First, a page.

On April 4, 2024, the Consumer Financial Protection Bureau (CFPB) issued a new report, titled “Banking in Video Games and Virtual Worlds” (Report), that examines the growth of financial transactions in online video games and virtual worlds. The CFPB has previously signaled the expansion of its monitoring capabilities to new markets, and this Report continues that expansion to the gaming industry. 

According to the Report, the CFPB is monitoring non-traditional markets where financial products and services may be offered, including the use of virtual currencies in games and virtual worlds in response to “concerning issues regarding gaming markets,” such as financial losses (due to theft, scams, and other criminal activity), fraud and money laundering, and the collection and use of consumer data by gaming companies. The Report also notes that there may be increased risks to consumers, specifically children, within the gaming industry. Gaming companies can use the insights from the Report to review their own policies and procedures to ensure compliance with federal consumer financial protection laws.

This update summarizes the Report’s key findings, describes the risks and trends identified by the CFPB, which are likely to inform the CFPB’s market monitoring activities, and provides key takeaways for companies doing business in this space to consider going forward.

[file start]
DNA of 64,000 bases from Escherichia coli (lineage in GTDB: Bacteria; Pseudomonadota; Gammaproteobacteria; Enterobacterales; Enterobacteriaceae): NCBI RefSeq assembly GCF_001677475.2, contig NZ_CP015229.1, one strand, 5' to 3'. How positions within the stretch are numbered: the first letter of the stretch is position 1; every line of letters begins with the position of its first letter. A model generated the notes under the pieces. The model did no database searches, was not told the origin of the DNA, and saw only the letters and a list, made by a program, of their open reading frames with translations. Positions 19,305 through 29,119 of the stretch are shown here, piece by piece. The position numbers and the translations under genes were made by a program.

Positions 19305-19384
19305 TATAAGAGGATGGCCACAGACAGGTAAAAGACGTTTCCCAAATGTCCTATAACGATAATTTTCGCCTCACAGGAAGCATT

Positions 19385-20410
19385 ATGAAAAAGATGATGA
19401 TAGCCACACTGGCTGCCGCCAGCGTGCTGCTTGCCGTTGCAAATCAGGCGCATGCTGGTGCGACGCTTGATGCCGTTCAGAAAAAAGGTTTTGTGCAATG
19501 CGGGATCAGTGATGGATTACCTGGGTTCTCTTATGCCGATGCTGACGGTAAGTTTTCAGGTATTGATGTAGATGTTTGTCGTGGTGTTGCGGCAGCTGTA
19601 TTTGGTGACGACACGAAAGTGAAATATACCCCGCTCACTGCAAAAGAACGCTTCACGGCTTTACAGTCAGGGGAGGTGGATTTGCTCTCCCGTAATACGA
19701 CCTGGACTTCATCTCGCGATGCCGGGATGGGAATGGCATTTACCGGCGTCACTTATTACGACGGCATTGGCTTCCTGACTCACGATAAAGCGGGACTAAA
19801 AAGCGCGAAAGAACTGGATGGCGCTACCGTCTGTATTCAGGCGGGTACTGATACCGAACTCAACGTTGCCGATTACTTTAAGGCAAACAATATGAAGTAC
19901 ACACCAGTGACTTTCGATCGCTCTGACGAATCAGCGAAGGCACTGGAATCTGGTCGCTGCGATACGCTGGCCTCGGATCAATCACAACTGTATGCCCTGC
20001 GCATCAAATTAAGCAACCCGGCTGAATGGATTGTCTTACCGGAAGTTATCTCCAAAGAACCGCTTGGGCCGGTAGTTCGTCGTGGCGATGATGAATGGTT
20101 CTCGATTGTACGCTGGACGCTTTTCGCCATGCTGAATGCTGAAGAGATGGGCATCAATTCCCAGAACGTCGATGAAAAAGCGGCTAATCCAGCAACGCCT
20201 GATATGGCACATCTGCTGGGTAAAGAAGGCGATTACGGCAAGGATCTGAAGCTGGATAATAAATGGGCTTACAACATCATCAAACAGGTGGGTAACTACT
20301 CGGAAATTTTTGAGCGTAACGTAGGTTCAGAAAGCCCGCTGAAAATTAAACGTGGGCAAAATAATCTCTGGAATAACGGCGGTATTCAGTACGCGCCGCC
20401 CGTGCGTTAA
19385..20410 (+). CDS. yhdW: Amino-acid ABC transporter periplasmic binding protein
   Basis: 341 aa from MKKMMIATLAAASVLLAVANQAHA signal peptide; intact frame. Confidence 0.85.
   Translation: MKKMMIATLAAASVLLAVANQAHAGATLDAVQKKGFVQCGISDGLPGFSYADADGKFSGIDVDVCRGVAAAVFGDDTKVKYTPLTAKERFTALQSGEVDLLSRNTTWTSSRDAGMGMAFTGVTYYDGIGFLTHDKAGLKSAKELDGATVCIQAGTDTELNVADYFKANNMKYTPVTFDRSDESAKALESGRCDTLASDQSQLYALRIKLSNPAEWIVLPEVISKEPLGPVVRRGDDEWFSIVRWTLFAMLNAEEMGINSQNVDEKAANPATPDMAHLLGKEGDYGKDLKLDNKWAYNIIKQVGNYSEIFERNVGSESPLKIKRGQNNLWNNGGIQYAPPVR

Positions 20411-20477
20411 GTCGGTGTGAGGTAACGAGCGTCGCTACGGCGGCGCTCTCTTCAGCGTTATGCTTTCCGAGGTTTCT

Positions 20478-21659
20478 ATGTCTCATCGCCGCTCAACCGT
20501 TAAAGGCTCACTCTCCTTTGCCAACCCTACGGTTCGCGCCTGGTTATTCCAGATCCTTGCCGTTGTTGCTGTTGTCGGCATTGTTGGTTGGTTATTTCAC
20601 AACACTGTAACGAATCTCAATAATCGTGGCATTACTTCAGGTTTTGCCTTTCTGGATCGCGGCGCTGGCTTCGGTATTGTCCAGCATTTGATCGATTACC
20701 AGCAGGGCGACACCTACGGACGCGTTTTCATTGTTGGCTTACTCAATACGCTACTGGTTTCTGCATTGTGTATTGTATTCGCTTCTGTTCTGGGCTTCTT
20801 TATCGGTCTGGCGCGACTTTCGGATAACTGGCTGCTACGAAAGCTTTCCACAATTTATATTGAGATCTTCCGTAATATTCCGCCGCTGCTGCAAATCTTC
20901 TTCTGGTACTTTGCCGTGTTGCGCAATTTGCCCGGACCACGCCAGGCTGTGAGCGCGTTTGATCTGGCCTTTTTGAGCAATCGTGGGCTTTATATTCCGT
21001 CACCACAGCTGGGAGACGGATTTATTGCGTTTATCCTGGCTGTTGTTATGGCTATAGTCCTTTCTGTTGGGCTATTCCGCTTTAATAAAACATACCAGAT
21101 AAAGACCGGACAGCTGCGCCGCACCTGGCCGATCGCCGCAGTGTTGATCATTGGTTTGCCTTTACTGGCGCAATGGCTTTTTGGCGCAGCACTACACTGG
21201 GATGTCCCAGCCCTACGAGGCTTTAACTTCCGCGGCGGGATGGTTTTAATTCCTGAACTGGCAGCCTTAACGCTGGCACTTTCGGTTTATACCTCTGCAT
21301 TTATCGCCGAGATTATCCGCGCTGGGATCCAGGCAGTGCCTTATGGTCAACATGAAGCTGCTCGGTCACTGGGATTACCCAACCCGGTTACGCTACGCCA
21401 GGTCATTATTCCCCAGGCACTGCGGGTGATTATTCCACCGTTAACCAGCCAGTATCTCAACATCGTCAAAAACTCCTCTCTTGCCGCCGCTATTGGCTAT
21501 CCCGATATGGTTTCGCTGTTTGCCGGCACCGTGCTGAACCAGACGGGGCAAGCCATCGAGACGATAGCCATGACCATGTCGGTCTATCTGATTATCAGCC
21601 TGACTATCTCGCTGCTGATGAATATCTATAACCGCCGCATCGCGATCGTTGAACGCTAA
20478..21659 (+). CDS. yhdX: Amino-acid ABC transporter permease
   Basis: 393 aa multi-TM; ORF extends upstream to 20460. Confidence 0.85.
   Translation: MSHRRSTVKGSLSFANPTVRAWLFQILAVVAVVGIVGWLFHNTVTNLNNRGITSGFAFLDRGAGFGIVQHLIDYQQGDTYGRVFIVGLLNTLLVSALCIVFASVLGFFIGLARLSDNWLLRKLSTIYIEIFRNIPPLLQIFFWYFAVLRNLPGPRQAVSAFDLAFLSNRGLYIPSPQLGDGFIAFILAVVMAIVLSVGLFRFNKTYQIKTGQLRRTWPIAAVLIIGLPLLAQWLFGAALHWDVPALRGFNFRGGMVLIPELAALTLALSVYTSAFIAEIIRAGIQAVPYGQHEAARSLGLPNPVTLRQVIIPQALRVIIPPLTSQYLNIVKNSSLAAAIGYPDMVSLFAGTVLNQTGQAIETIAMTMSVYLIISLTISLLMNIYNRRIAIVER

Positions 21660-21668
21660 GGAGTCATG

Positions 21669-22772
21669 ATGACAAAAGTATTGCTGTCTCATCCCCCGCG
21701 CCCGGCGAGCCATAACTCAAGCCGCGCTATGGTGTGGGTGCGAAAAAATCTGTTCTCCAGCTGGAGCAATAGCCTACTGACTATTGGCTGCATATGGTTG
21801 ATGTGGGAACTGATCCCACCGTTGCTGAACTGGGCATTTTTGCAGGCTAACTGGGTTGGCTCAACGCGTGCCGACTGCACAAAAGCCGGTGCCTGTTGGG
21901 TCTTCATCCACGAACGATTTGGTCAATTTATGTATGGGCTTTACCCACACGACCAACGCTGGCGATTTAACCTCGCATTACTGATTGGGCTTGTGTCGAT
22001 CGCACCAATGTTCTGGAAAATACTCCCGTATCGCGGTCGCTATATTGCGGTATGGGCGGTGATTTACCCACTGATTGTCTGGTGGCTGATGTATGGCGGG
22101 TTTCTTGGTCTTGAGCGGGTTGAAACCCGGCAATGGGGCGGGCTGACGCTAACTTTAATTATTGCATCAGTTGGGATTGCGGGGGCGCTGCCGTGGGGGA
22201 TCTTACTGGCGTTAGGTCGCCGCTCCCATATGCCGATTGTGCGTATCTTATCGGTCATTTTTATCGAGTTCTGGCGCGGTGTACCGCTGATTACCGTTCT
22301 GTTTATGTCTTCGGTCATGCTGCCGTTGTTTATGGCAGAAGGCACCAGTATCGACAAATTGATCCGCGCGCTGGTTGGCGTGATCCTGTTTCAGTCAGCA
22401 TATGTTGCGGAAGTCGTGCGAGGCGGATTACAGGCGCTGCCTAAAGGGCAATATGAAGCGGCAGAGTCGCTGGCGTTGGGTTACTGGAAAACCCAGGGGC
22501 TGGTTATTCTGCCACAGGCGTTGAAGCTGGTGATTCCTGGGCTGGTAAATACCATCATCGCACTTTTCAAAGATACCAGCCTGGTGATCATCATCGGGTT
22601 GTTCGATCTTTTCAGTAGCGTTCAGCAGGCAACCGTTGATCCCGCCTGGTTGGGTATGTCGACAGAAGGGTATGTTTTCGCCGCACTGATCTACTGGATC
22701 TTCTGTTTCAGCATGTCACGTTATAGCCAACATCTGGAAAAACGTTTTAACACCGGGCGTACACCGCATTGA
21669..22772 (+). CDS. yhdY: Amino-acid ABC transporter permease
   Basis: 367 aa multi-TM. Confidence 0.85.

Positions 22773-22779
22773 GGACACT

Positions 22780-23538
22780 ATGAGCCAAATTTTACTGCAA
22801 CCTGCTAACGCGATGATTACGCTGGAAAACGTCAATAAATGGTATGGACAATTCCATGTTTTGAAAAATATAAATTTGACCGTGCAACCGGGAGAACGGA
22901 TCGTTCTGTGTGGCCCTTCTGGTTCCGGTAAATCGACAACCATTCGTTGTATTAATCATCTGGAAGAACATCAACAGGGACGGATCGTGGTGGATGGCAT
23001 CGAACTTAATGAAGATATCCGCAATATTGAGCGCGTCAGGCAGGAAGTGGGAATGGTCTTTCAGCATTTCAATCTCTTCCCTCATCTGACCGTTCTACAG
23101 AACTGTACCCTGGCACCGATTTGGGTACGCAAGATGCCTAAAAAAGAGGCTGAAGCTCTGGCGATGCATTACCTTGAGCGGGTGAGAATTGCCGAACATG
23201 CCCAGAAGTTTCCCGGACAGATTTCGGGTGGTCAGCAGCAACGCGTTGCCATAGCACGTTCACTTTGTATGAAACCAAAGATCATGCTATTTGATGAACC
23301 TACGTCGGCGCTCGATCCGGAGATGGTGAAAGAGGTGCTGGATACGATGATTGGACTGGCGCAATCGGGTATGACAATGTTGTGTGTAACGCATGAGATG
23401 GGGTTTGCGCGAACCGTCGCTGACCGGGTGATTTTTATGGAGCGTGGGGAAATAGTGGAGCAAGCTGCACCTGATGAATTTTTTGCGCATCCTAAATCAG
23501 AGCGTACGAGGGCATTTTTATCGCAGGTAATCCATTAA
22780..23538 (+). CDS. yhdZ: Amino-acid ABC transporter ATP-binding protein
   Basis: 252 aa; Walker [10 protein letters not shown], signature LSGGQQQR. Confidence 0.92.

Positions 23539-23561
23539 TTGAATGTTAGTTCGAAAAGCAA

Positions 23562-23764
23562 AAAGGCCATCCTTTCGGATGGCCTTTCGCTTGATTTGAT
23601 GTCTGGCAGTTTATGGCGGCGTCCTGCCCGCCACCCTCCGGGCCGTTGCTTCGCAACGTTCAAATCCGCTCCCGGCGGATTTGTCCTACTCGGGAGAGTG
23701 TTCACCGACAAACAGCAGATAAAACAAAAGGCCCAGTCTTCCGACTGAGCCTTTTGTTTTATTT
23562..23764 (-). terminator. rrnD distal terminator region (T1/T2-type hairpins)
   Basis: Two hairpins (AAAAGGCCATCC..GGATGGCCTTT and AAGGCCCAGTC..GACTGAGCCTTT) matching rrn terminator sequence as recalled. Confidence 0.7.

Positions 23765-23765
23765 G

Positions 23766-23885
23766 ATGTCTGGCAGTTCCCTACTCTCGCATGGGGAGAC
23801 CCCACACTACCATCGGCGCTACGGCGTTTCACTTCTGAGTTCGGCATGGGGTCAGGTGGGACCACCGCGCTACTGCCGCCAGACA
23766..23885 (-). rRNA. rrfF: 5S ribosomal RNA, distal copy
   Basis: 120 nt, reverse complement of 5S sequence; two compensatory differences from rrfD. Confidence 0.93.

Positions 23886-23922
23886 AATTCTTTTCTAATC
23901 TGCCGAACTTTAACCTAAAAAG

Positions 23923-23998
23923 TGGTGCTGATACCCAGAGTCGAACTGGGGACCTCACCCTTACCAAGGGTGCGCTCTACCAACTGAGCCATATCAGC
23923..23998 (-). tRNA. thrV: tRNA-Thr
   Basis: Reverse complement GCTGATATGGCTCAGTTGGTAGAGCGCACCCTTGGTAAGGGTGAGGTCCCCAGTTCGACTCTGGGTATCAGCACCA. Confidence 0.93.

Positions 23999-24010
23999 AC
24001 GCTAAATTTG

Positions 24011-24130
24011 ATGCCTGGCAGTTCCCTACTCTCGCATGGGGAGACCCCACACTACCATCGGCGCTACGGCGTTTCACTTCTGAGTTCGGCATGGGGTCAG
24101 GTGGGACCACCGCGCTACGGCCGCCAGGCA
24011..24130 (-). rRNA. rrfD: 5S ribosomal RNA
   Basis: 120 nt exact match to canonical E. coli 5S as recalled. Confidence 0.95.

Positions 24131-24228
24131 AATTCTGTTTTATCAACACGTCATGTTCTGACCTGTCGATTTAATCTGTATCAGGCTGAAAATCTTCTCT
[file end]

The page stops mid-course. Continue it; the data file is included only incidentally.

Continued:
Key Findings

Evolution of the Gaming Industry. The Report comes as the gaming industry experiences rapid evolution, particularly into non-traditional financial markets. According to the Report, the gaming industry has transformed as gaming companies no longer largely rely on one-time purchases, but can also be profitable engaging in multiple smaller purchases with a player during the player’s engagement with a game.  Further, the CFPB notes the emergence of gaming companies as “one-stop shop[s]” where the distribution, playing, and storing of games and their assets are all integrated into one.